A terror suspect arrested just yards from Downing Street with a rucksack full of knives took part in a controversial aid convoy to Gaza, it has emerged.
Khalid Mohammed Omar Ali, 27, was one of seven Britons on board a ship that was trying to deliver humanitarian aid to Palestinians during the Israeli blockade in 2010.
Fellow aid workers described him as a "quiet and peaceful man" who was always smiling and was driven to help others.
In a video that emerged from the convoy, Mr Ali can be seen sitting in the front of a van with a Palestinian banner tied around his head.
Speaking excitedly about his impending trip he says: "We are all getting together now, alhamdulillah, the vans are all done, energy is here, the sunshine is here, alhamdulillah [praise god]... "You are going to see in action - the youth - doing our thing, all day long. We did it in Tottenham, we are going to do it in Gaza; taking it to another level. One love."
But his experiences delivering aid to war torn areas may have left him disturbed and possibly suffering from some form of post-traumatic stress disorder, one former associate said.
Mr Ali, who was born overseas, but brought up in Tottenham, north London, was detained by armed officers in Westminster on Thursday afternoon, as part of a planned counter-terror operation.
It is understood police had been watching him for sometime after receiving a tip off from his family, who had become increasingly concerned about his erratic behaviour.
Seven years ago he was among of a group of volunteers from the Road to Hope charity, who attempted to take food, clothing and other supplies to Palestinians aboard a Maltese registered ship, the Strofades IV.
The mission was launched just months after Israeli commandos had stormed a flotilla of ships trying to break the naval blockade of Gaza, killing nine activists.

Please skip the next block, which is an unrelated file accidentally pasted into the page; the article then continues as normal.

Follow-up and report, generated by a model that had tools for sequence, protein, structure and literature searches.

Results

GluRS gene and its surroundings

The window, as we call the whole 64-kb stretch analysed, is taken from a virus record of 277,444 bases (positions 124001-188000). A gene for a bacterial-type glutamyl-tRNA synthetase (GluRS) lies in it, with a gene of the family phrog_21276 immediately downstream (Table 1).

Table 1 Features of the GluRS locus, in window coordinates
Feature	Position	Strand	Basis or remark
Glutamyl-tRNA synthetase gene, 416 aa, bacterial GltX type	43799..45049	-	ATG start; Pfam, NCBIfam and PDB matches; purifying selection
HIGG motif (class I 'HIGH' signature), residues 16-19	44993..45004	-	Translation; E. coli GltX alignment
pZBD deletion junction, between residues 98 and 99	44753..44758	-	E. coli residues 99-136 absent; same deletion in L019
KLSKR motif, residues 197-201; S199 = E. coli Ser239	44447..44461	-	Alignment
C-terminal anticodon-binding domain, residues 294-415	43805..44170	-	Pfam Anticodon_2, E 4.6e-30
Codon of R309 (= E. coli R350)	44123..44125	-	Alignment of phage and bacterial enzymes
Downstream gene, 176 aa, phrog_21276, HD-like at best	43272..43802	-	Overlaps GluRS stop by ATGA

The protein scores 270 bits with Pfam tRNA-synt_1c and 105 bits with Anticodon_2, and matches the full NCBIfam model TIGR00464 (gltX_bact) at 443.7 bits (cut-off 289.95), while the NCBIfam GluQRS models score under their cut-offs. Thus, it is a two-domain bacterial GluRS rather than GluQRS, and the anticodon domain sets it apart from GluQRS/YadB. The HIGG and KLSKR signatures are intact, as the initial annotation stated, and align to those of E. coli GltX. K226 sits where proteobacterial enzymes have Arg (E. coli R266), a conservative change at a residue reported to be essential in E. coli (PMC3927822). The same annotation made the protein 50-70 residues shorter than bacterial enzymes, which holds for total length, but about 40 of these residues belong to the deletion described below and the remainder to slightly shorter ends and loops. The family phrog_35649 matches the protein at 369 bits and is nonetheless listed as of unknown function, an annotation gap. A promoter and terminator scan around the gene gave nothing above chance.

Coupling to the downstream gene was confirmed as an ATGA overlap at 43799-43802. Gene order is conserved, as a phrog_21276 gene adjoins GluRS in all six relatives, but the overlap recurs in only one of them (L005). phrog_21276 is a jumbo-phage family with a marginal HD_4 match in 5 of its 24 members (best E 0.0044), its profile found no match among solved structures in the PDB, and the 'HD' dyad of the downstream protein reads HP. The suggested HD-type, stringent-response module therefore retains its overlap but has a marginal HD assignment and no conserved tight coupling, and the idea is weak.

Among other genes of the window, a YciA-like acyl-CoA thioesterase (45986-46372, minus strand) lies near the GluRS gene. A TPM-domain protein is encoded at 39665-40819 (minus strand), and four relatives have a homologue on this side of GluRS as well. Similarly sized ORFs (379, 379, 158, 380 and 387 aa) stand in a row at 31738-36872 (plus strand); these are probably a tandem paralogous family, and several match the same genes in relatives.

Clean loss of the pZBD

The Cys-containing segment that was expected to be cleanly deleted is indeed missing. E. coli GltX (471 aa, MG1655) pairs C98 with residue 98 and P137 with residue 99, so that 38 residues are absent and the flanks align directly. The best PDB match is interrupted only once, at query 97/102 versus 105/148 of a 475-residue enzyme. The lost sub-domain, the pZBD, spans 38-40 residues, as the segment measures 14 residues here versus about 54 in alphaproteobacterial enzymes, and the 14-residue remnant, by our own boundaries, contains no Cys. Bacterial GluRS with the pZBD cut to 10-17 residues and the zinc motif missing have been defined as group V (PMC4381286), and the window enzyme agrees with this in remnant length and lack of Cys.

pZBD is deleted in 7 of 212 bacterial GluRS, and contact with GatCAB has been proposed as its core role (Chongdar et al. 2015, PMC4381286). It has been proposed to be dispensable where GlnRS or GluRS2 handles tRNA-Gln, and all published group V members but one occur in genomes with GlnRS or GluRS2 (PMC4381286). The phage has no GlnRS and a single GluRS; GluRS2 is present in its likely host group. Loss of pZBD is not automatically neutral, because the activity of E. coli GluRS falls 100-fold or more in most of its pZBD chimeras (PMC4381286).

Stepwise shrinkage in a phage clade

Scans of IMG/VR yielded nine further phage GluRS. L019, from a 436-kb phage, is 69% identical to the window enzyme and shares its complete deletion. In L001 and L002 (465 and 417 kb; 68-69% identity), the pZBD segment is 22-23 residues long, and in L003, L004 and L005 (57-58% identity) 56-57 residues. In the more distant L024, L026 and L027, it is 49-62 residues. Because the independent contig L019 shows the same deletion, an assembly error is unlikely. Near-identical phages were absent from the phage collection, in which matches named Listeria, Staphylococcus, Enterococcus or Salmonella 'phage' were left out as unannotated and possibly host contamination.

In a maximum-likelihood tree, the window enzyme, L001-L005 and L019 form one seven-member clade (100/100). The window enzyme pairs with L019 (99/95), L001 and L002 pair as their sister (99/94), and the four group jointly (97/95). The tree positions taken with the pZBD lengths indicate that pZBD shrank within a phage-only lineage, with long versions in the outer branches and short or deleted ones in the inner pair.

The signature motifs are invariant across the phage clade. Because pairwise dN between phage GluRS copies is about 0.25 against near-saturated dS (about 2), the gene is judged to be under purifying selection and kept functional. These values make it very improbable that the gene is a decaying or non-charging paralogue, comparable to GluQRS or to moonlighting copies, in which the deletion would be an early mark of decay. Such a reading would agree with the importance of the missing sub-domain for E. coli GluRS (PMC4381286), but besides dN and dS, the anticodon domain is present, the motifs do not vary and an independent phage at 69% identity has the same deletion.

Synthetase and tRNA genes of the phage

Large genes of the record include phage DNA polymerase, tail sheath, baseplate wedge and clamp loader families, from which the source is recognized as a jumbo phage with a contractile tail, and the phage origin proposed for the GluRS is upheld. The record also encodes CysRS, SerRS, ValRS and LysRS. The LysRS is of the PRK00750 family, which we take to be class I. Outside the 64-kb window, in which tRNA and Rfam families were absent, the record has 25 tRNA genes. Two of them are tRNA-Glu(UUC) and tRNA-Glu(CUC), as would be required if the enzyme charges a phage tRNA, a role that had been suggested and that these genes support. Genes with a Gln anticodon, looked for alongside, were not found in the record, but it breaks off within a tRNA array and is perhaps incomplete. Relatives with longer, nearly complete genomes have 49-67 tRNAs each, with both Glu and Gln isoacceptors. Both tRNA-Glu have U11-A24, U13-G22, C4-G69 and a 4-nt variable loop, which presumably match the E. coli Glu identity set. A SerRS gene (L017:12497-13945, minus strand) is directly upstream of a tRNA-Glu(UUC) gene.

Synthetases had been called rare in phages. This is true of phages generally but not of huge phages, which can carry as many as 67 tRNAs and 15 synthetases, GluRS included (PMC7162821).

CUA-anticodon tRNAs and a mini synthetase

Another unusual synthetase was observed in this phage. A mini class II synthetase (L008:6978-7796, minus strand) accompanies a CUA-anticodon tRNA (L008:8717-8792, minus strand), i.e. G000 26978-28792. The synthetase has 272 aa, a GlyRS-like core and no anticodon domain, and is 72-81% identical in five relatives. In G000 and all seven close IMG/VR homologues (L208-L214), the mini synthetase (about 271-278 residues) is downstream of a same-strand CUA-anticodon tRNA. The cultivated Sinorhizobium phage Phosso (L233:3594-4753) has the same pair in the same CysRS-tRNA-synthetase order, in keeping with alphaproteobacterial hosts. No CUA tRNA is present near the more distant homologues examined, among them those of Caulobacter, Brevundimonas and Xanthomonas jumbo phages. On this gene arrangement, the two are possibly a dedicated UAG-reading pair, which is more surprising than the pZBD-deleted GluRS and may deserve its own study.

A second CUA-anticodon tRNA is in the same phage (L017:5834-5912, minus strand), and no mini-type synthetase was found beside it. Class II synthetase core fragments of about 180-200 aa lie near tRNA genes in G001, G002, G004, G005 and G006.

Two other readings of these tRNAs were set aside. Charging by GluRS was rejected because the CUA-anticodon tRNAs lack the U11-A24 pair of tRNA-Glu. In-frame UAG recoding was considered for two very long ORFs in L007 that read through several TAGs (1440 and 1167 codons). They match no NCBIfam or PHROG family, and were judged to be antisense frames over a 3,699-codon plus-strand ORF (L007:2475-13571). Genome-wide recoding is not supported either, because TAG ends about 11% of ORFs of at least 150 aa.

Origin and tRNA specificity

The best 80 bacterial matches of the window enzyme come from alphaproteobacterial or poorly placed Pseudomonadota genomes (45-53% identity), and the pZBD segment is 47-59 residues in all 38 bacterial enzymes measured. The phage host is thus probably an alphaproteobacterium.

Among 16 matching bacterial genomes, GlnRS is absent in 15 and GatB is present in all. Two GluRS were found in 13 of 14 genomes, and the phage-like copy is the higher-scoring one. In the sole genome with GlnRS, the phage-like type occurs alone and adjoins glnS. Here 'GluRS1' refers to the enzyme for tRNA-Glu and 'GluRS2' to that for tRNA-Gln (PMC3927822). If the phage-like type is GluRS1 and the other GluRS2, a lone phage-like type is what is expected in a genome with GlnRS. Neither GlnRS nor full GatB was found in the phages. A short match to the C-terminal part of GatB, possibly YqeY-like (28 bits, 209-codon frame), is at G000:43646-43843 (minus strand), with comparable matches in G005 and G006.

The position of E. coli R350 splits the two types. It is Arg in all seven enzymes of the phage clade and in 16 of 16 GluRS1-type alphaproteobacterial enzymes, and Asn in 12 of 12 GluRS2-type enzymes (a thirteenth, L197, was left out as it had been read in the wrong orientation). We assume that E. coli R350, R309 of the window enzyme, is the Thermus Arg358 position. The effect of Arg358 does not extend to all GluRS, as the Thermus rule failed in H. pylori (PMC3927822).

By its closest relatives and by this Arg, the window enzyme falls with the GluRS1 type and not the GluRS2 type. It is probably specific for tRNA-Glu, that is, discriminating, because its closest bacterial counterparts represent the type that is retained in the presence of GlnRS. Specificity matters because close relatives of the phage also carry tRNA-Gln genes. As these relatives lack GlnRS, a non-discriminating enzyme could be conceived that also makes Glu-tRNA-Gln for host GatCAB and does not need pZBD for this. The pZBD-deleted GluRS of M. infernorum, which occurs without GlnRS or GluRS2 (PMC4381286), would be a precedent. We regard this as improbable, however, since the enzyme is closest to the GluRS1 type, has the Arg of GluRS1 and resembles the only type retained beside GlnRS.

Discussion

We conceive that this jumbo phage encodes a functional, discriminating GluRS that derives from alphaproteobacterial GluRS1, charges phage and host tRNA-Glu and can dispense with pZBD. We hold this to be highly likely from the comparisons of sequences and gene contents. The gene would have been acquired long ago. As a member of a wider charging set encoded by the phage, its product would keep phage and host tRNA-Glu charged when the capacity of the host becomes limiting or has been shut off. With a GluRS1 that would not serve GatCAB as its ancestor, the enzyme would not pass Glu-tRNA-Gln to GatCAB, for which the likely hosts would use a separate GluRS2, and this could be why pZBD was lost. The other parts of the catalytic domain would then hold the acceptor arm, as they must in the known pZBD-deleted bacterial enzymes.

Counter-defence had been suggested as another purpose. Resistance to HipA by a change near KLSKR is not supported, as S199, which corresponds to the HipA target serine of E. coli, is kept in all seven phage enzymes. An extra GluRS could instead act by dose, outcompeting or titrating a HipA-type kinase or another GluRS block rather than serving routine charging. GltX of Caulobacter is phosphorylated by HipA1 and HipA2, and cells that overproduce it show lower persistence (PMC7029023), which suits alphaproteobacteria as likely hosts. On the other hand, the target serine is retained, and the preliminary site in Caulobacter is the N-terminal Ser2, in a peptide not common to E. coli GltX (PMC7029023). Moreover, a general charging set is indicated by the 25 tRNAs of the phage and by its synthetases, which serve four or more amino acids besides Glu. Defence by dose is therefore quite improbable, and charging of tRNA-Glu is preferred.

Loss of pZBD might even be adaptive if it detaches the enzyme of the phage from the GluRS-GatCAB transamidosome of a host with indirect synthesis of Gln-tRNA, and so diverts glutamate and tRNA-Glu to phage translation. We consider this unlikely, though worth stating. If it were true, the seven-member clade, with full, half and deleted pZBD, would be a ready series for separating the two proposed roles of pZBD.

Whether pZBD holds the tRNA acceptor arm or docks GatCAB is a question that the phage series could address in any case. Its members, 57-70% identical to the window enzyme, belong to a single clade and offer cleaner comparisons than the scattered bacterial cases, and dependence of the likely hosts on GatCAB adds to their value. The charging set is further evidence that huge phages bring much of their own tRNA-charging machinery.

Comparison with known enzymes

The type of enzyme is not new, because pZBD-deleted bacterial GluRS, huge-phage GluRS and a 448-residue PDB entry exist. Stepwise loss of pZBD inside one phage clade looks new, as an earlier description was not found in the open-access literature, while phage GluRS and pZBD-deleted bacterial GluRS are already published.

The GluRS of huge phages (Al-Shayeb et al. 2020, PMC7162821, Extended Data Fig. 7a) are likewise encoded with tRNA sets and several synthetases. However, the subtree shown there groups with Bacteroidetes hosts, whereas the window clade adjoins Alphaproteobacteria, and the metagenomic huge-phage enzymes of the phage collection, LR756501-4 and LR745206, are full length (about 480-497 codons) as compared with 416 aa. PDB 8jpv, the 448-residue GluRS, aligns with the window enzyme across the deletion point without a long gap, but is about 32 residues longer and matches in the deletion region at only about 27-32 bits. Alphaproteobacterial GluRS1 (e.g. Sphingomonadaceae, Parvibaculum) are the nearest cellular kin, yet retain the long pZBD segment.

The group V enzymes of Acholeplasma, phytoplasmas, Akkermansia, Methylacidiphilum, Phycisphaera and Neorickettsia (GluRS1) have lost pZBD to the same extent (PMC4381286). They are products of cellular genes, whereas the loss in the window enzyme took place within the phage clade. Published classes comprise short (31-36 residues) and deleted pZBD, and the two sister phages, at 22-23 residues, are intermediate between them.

Mr Ali was one of ten aid workers, who set off from Libya bound for Gaza in November 2010.
But they ended up becoming stranded in the Mediterranean following a row with the ship's owners over money.
Rather than sailing for Israel, the captain headed for his native Greece, where the aid workers were reportedly held against their will.
According to one of the volunteers, Tauqir Sharif, from Walthamstow, the captain branded the group "terrorists".
The matter was later resolved and the volunteers returned to the UK.
One of the group, who asked not to be named, remembered Mr Ali as a happy and friendly person, who showed no signs of radical beliefs.
He said: "Khalid was a happy, smiley person who was very easy going. He had a genuine desire to help people. But perhaps his experiences took their toll on him and he has suffered some sort of post-traumatic stress disorder."
Police and the members of the security services are understood to have been watching his movements after a member of his family raised the alarm amid heightened concern over his recent behaviour.
Mr Ali's arrest in Westminster came just five weeks - and a 100 yards away - from the spot where Khalid Masood was shot and killed after launching a deadly terror attack.
Witnesses described armed police pinning him to the ground as he made his way along Whitehall in the direction of Downing Street.
Although he had been under surveillance he had been able to travel into central London by Tube before eventually being apprehended.
A senior policing source said: “He was being watched very closely. He had been travelling on the London Underground and we understand he had exited the Tube at St James’s Park station before walking in the direction of Whitehall and Number 10.
“At some stage an alert went out to all the teams in the area and the order was made to pick him up.”
It is not clear if police knew he was carrying weapons when the decision was made to stop him.